Nairobi — Jane Kamene, one of the nurses, took me into a back room and hauled out a large black book with red binding titled Death Registry. Inside, listed in neat columns, were the names, places of birth, and dates of death of 152 women, all of them sex workers who had died of aids since I was last at the Pumwani clinic almost eight years ago. But not, I noted, Hawa Chelangat. “Still alive,” said the nurse. “Still negative.”
Kawene offered to fetch Hawa from her hut and asked if I wanted to come along. Then she abruptly reconsidered. “I’m afraid we don’t have enough security to take a mzungu,” she said, meaning a white man. “You wait here.” I stepped back into the shadow of the clinic, a tiny, utilitarian building of whitewashed bricks with a corrugated steel roof, used for the past twenty years by Canadian aids researchers. For several hundred prostitutes who operate out of huts in the surrounding shantytown, the medical staff offer care in return for allowing researchers from universities in Toronto, Manitoba, and Oxford to study their hiv/aids progression rates and reactions to the disease.
By the late 1990s the aids infection rate in Kenya had ballooned to 10 percent of the population. Among prostitutes and their transient clients, it was far worse. Prostitutes alone experienced an aids infection rate of 80 percent. But the team of researchers led by Dr. Frank Plummer of Winnipeg noted something astonishing: a small group of sex workers, including Hawa, had the same exposure and faced the same risk, but remained uninfected. Plummer concluded that somehow they had to be immune. When he announced this at the 1993 International Conference on aids in Berlin, predicting that a vaccine to fight aids might well come from better understanding these women, journalists including me with a crew from the National Film Board of Canada flooded into the shantytown. Now I had come back to visit.
I knew Hawa’s hut was by the community water tap, with the village garbage heap beside it. Kamene was right: there was no safety, no law in this place. When I had made the walk before, my security had been guaranteed by Randall, hired from the chief of the shantytown. Randall looked like a handler for Evander Holyfield; despite the heat, he wore a tight, dark suit and carried an ebony cane, the sizable bulb of which he whacked purposefully into his hand while eyeballing scrambling kids and a row of surly looking men standing outside the community toilet.
From the other side of the clinic fence, the noise was deafening. A vast market auctioned off huge piles of used clothing, the kind collected in North American churches and shipped to poor neighbourhoods across the globe. I saw one boy wearing a red Harvard sweatshirt, then a teenager sporting a T-shirt bearing the logo “Jim’s Sunoco, Kitchener Ontario.” The world’s products may reach this tiny enclave, but from the clinic something far more precious is shipped out: blood samples frozen in liquid nitrogen and air-freighted to Winnipeg and Toronto where they end up under the microscopes of aids experts like Dr. Rupert Kaul, at the University of Toronto’s Faculty of Medicine.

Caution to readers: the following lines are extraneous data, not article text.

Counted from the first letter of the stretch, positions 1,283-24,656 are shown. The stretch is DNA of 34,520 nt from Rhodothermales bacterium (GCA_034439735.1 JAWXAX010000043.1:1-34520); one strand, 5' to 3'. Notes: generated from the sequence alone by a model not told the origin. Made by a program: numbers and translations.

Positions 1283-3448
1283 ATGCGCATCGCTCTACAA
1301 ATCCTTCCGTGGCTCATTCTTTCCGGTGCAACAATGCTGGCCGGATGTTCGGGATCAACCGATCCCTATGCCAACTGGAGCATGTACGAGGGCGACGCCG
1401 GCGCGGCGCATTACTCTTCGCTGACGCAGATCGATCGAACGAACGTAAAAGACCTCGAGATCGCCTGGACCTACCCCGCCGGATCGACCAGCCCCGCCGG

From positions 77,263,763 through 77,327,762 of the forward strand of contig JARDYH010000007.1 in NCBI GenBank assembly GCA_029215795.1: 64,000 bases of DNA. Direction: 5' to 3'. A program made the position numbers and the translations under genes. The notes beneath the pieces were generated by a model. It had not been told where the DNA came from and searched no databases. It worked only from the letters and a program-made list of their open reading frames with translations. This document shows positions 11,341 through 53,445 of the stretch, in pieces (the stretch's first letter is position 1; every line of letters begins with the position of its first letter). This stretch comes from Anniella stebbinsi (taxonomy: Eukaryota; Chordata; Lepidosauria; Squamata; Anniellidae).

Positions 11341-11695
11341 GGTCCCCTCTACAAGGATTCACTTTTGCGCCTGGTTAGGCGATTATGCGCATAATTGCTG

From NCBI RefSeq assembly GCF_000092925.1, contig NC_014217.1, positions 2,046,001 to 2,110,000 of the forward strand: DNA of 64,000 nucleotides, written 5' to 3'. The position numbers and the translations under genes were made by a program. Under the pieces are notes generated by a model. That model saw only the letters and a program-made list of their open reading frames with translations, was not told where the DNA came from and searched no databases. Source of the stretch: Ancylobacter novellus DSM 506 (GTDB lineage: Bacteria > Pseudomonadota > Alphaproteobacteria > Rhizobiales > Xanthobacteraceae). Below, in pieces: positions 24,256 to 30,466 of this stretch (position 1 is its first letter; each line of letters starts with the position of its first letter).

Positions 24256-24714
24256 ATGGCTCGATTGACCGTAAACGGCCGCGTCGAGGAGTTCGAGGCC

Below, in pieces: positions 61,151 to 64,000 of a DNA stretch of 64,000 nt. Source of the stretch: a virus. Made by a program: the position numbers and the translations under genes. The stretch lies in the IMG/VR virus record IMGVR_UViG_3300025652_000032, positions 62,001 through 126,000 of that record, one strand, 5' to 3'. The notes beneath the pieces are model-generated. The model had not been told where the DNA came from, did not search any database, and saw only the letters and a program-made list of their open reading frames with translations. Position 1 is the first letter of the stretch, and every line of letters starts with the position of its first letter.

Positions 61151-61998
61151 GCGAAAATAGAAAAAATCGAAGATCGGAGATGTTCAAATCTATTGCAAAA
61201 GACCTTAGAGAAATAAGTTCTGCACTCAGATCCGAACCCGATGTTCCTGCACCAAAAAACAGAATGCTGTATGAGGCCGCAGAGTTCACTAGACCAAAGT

“These women have inspired a whole field of vaccine development,” Kaul had told me in his lab at the university. Collaborating with Oxford and the University of Manitoba, Kaul has been studying hiv rates among Kenya’s sex workers for ten years. “The important thing in a vaccine,” he said, “is to find some way to avoid using hiv itself as a component.” Unlike, say, the flu vaccine, which introduces a tiny bit of virus into your system in order to alert antibodies to fight off the bigger threat, hiv in any amount is deemed impermissible. Once it is in the body, doctors can’t control the virus. But the vaccine search has been slow going. What researchers have figured out is that the resistant women, including Hawa, don’t have a regular antibody response to hiv, but a cellular one. Through a trigger that so far remains unexplained, “killer” cells in the women’s bodies are dispatched to attack infected cells.
I looked up. A familiar figure dressed in her customary purple and yellow hijab walked into the clinic compound. Hawa is a Muslim, as are a number of the hiv-resistant women. She still had a slight limp, the result of polio. I had hardly ever seen her without her five children, and one of them was with her now. Asha, whom I remembered as a girl of twelve, was now all grown up with a child of her own, making Hawa, at forty-four, a grandmother. Hawa looked feverish. Obviously she wasn’t immune to all diseases. On a trip to visit relatives up in tea country, she had contracted malaria and now needed the clinic to supply her with pills to fight it. She sat down, smiling broadly when I began to recall the weeks we’d spent working on the film. Our conversation was a struggle with her limited English and my non-existent Swahili. When necessary, Asha acted as translator. Then it was Hawa’s turn to see the nurse. I slipped her some money, not much, though I knew it would be equivalent to what she might earn in a week. She tucked the bills away and thanked me. I ought to have thanked her. Among the materials Kenya exports to the world, Hawa’s blood serum could turn out to be the most valuable of all.